Great Sites For Self Published Authors

English: I, the creator of this work, hereby p...

English: I, the creator of this work, hereby publish it under the following licence: (Photo credit: Wikipedia)

The Indie 50 – The 50 Best Sites for Indie and Self-Published Authors

by August Wainwright

This is something I’ve been wanting to do for a while now and kept putting it off. Having now finished the list, I completely understand why I’ve been procrastinating for so long.

Trying to compile a list of relevant sites was hard enough. But attempting to get that list down to the final 50 sites turned out to be a massive endeavor; and I wasn’t even done yet – I still felt the need to try to rank the sites. How, or using what scale? Hell, I have absolutely no idea.

In the end, I decided the Indie 50 should be the 50 sites that, in my opinion, represent the best the Internet has to offer for indie and self-published authors.

That might mean something different for you (I’m sure it does), but for me, this list is made up of the sites that I visit on a daily or weekly basis. These are the sites that have helped me get to where I’m at. And, should I find a higher success in this industry, it will more than likely be due to something I picked up from one of these sites. I’ve learned so much in such a short amount of time and I owe most, if not all, of that to the sites on this list. Read more here.

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Is Your Book Organized?

Book header/footer

Book header/footer (Photo credit: Wikipedia)

Putting together the heart of a book takes blood, sweat and tears. The heart of a book is what I consider to be the manuscript itself. But, what about the other parts of your book, such as the table of contents, preface, index and glossary? Have you compiled all of those nice little tidbits that make your book an actual book? If you are not sure how it all works and what you need to do to put a complete project together, I have found you some helpful tips on how to make your book organized.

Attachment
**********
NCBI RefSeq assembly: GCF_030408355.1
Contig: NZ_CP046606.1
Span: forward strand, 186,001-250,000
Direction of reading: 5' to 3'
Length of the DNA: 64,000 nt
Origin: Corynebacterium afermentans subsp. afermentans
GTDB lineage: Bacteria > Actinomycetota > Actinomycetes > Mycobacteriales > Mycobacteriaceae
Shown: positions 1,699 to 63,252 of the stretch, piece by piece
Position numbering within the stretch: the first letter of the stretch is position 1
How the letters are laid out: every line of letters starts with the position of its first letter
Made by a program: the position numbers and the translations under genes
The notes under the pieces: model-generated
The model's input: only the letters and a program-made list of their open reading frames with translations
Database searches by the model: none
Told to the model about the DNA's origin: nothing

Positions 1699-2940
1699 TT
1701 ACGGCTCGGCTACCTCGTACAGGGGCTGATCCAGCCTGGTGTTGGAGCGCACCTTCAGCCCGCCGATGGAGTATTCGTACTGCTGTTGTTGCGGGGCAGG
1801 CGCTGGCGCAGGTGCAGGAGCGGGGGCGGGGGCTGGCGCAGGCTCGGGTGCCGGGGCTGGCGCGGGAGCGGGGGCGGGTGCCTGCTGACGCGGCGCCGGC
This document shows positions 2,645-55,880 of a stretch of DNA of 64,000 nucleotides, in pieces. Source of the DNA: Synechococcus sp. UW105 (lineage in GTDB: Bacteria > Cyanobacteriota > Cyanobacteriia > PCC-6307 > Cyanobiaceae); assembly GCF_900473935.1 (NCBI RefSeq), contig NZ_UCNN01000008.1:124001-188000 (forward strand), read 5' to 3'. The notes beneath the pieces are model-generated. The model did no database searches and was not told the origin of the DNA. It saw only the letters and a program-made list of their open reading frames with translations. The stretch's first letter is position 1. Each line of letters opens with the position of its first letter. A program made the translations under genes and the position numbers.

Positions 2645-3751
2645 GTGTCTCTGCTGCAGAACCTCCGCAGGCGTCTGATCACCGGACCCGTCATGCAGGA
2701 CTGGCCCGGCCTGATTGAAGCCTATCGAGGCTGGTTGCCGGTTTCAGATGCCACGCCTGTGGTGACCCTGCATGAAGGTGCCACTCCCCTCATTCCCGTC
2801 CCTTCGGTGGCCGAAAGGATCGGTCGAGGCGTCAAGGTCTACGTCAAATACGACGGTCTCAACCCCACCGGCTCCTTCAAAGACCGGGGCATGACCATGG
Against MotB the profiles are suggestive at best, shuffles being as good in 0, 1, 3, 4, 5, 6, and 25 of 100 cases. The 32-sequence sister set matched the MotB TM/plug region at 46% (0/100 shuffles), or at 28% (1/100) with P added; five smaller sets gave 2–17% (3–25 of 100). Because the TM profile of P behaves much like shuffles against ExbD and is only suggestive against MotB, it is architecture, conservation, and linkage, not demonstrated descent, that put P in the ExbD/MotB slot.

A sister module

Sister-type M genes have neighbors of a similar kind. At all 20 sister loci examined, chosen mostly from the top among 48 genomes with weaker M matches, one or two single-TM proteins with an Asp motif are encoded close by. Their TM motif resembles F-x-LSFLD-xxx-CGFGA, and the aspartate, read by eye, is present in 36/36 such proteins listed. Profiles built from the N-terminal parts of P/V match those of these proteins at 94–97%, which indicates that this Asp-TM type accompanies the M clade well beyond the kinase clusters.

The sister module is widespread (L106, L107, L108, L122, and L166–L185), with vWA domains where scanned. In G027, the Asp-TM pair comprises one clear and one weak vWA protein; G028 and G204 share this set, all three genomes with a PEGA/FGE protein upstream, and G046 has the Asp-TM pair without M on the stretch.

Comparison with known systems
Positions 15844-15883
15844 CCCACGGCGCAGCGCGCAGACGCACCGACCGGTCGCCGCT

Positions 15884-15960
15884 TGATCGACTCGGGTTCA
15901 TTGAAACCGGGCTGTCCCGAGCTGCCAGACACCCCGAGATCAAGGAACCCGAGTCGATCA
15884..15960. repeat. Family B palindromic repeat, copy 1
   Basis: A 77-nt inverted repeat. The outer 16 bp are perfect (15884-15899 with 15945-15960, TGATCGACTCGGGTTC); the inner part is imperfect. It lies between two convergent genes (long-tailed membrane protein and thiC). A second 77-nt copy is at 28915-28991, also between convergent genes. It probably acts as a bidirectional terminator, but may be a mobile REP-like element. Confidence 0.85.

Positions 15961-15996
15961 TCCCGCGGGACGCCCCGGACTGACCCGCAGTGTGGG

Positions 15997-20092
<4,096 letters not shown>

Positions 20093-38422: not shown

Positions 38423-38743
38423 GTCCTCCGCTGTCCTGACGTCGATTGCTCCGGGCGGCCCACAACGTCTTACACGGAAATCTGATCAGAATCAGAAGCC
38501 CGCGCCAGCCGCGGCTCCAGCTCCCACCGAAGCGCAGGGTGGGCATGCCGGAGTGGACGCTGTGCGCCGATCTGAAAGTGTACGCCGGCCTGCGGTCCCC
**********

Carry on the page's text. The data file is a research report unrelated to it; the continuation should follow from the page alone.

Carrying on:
The Book Designer is a site where authors can find every topic imaginable for self-publishing your manuscript. I have found this site useful for any author looking for help on book design, self-publishing, formatting and more. Check out this article on how to get your book organized so that you can be the professional author you want to be.

Self-Publishing Basics: How to Organize Your Book’s Front Matter

Many writers who think about self-publishing are taken aback when they start to put their book together for publication. It’s one thing to work on a manuscript, sometimes for years, getting the ideas right, the words to flow, the overall thematic arc to shine through for attentive readers.

But how do you turn that manuscript into a book? After all, there are lots of things in books that you’ll never see in a manuscript. Things like running heads, page numbers, half-title pages, indexes… stuff like that.

What’s In Your Writing Toolkit?

 

Most writers have established the basic tools that will be utilized moving forward in their process of writing. Of course, taking writing courses and participating in conferences and writing groups are essential and a given. But what about reading? If we are writers we should be reading, and not just books about writing but books written by our favorite authors, as well as discovering new ones.

summer reading

summer reading (Photo credit: ruminatrix)

Jody Hedlund has written a very nice article that points out what writers need in their toolkits.

Do You Have This Important Tool In Your Writer’s Toolkit?

By Jody Hedlund, @JodyHedlund 

I’m currently between manuscripts. I finished editing a book in June, turned it in to my publisher, and now am busily researching my next book.

The research stage is always a bit of a break for me. I don’t have the daily pressure to write a certain number of words. And I don’t need the intense focus required during editing. Even though I try to accomplish several hours of research per day, my daily goals are less intense.

During the research lull between books, I usually attempt to make a dent in my to-be-read pile. While I’ve always considered reading one of life’s greatest pleasures, I’ve also come to realize that as a fiction writer, reading is a necessity in becoming a better writer.

The more a writer reads, the more familiar they become with story-telling. In fact, if you grew up like I did, with a book permanently attached to your hand, then writing fiction is probably somewhat intuitive. You already have a good foundation for what comprises a well-told story, even if you can’t quite put those techniques into fiction-writing lingo.